Gamba grass fire on Camp Creek station in October 2012, Bushfires NT, Department of Environment and Natural Resources, Northern Territory Government. Used with permission.


[1] Woinarski, J., Traill, B., Booth, C., “The Modern Outback: Nature, people, and the future of remote Australia”, The Pew Charitable Trusts, October 2014, p. 5

[2] Australian Government, Department of the Environment and Energy, Outback Australia, The Rangelands,

[3] Woinarski, J., et al., op. cit., p. 18

[4] Woinarski, J., et al., op. cit., pp. 167 & 170

[5] Martin TG, Campbell S, Grounds S (2006) Weeds of Australian rangelands. The Rangeland Journal 28, 3–26, cited in Woinarski, J., et al., op. cit., p. 148

[6] Australian Government, Department of the Environment and Energy, “Invasive pasture grasses in northern Australia – gamba grass, para grass, olive hymenachne, perennial mission grass and annual mission grass – Gamba grass”,

[7] Australian Government, Department of the Environment and Energy, “Question and answer: How does the listing of gamba grass and four other grasses as a key threatening process affect me?”,

[8] Rossiter NA, Setterfield SA, Douglas MM, Hutley BB (2003) Testing the grass-fire cycle: alien grass invasion in the tropical savannas of northern Australia. Diversity and Distributions 9, 169-176, cited in Woinarski, J., et al., op. cit., p. 149

[9] Interview of Dr Barry Traill of The Pew Charitable Trusts by Phillip Adams, Late Night Live, ABC Radio National, “Gamba grass threatens Tropical North” 28 February 2019,

[10] Taylor, R., Woinarski, J. & Chatto, R. (2003) Hollow use by vertebrates in the Top End of the Northern Territory. Australian Zoologist: Vol. 32, No. 3, pp. 462-476, cited in “The Gamba Grass Nightmare”, Denise Lawungkurr Goodfellow, Nature Territory – The newsletter of the Northern Territory Field Naturalists’ Club Inc., March 2019,

[11] Petty, A., “Field of nightmares: gamba grass in the Top End”, 18 Feb 2013, The Conversation, cited in Woinarski, J., et al., op. cit., p. 149

[12] Williams RJ, Bradstock RA, Cary GJ, Enright NJ, Gill AM, Liedloff AC, Lucas C, Whelan RJ, Andersen AN, Bowman DMJS, Clarke PJ, Cook GD, Hennessy KJ, York A, ‘Interactions between climate change, fire regimes and biodiversity in Australia – a preliminary assessment.’ Report to the Department of Climate Change and Department of the Environment, Water, Heritage and the Arts, Canberra, Darwin, cited in Woinarski, J., et al., op. cit., p. 149

[13] Interview of Dr Barry Traill of The Pew Charitable Trusts by Phillip Adams, Late Night Live, op. cit.

[14] Australian Government, Department of the Environment and Energy, “Invasive pasture grasses in northern Australia – gamba grass, para grass, olive hymenachne, perennial mission grass and annual mission grass – Gamba grass”, Sep 2014

[15] Roocke, N., “Gamba grass: Friend or foe?”, ABC Rural, 1 April 2018, updated 4 April 2018,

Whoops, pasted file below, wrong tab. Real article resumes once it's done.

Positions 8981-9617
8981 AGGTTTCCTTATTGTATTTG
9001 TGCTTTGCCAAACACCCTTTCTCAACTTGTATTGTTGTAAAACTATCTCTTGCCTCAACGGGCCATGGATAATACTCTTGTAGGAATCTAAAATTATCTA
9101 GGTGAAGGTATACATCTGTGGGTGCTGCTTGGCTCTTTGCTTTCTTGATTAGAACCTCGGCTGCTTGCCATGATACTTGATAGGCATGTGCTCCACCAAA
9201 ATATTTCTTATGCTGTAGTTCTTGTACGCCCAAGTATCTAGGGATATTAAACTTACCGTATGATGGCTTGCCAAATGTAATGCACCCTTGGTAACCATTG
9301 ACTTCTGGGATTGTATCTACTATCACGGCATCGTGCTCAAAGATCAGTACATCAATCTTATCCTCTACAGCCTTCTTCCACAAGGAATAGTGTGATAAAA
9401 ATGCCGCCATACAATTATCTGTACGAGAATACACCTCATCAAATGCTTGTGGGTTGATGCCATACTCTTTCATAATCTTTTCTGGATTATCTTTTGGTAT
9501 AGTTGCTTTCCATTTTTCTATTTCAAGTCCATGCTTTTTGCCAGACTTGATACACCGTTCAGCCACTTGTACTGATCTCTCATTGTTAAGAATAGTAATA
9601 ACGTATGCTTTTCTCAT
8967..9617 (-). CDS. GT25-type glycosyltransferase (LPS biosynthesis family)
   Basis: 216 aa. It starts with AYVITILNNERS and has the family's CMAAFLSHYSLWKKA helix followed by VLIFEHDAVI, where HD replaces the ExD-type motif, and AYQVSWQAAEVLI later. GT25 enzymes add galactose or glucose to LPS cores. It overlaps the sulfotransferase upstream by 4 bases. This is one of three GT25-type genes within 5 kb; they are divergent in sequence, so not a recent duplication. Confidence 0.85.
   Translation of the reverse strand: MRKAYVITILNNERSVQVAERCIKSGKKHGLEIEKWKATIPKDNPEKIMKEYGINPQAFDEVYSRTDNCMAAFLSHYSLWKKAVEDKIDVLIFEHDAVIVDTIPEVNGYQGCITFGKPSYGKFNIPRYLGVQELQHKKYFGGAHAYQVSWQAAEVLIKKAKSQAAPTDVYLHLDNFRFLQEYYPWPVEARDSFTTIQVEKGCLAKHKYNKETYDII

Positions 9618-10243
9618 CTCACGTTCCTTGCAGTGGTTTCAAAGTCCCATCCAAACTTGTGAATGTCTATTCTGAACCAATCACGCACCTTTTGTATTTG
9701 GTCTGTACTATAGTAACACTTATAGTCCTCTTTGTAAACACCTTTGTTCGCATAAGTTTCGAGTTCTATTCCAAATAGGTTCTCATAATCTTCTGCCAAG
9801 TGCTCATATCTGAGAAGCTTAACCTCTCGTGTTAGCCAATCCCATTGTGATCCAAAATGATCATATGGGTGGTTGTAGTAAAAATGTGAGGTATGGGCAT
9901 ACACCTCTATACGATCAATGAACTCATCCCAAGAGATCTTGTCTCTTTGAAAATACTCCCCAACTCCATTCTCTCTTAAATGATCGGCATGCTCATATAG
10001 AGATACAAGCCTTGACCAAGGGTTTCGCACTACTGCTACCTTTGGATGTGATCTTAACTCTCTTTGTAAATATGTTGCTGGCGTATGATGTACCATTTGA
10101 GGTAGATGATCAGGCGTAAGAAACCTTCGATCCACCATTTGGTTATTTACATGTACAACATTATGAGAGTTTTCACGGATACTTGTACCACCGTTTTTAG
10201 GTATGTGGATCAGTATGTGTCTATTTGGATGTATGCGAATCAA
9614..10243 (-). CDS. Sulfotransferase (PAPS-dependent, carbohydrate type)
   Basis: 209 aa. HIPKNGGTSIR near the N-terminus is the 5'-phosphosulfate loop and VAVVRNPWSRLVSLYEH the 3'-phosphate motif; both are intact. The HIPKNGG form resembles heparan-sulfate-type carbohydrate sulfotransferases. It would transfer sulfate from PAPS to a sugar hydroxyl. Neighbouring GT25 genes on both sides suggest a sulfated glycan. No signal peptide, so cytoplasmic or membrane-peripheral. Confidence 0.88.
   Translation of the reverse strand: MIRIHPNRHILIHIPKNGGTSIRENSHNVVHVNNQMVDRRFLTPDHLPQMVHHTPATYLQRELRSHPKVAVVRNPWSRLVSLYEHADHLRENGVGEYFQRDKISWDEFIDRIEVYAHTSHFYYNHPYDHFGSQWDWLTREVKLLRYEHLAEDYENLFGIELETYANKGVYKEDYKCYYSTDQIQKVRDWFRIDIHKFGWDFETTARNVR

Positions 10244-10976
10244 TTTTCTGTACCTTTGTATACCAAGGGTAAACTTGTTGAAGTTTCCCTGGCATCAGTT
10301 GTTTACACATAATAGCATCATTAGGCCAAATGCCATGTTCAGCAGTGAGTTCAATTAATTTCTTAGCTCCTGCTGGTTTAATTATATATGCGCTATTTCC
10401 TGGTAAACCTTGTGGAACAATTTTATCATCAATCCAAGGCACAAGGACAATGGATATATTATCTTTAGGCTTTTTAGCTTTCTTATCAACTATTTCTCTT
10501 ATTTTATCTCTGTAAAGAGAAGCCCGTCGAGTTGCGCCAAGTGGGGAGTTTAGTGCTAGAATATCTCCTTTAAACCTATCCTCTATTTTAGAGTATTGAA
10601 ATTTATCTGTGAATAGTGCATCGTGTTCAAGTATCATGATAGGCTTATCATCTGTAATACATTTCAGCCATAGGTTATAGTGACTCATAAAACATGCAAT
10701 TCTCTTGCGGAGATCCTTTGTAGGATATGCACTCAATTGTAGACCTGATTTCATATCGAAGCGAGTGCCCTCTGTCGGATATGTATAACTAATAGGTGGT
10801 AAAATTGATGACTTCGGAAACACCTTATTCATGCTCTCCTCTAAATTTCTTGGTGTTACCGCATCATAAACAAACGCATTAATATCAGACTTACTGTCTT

[16] Goodfellow, D., Nature Territory – The newsletter of the Northern Territory Field Naturalists’ Club Inc., March 2019,, citing Lawler, E., 2018, Protecting our natural environment: New gamba grass management plan released, media statement. Northern Territory Government, Sept. 2018 and Fitzgerald, D. & Burton, L. (2018). Indigenous rangers dismayed as NT Government allows cattle station to graze gamba grass weed. ABC News.

[17] Neale, T., “A Sea of Gamba: Making Environmental Harm Illegible in Northern Australia”, Science as Culture, January 2019, DOI: 10.1080/09505431.2018.1552933,

[18] Interview of Dr Barry Traill of The Pew Charitable Trusts by Phillip Adams, Late Night Live, op. cit.

[19] Massy, Charles (2017), Call of the Reed Warbler : a new agriculture : a new earth. University of Queensland Press, St Lucia, Queensland

[20] Government of South Australia, “South Australia Buffel Grass Strategic Plan 2012-2017”, p. 2,

[21] ibid., p. 3

[22] Traill, B., “Populate or perish”, The Pew Charitable Trusts Outback Program, Opinion, 12th January, 2015,

[23] “Pastoral lease reform: Opportunity knocks for Western Australia”, The Pew Charitable Trusts News, 27th October, 2014,

[24] 3CR “Freedom of Species“ “Gerard Wedderburn-Bisshop – The environmental impacts of livestock farming”, 7th October, 2012

[25] Longmire, A., Taylor, C., Wedderburn-Bisshop, G., “Zero Carbon Australia – Land Use: Agriculture and Forestry – Discussion Paper”, Beyond Zero Emissions and Melbourne Sustainable Society Institute of The University of Melbourne, October, 2014,

[26] Wedderburn-Bisshop, G., Longmire, A., Rickards, L., “Neglected Transformational Responses: Implications of Excluding Short Lived Emissions and Near Term Projections in Greenhouse Gas Accounting”, International Journal of Climate Change: Impacts and Responses, Volume 7, Issue 3, September 2015, pp.11-27. Article: Print (Spiral Bound). Published Online: August 17, 2015,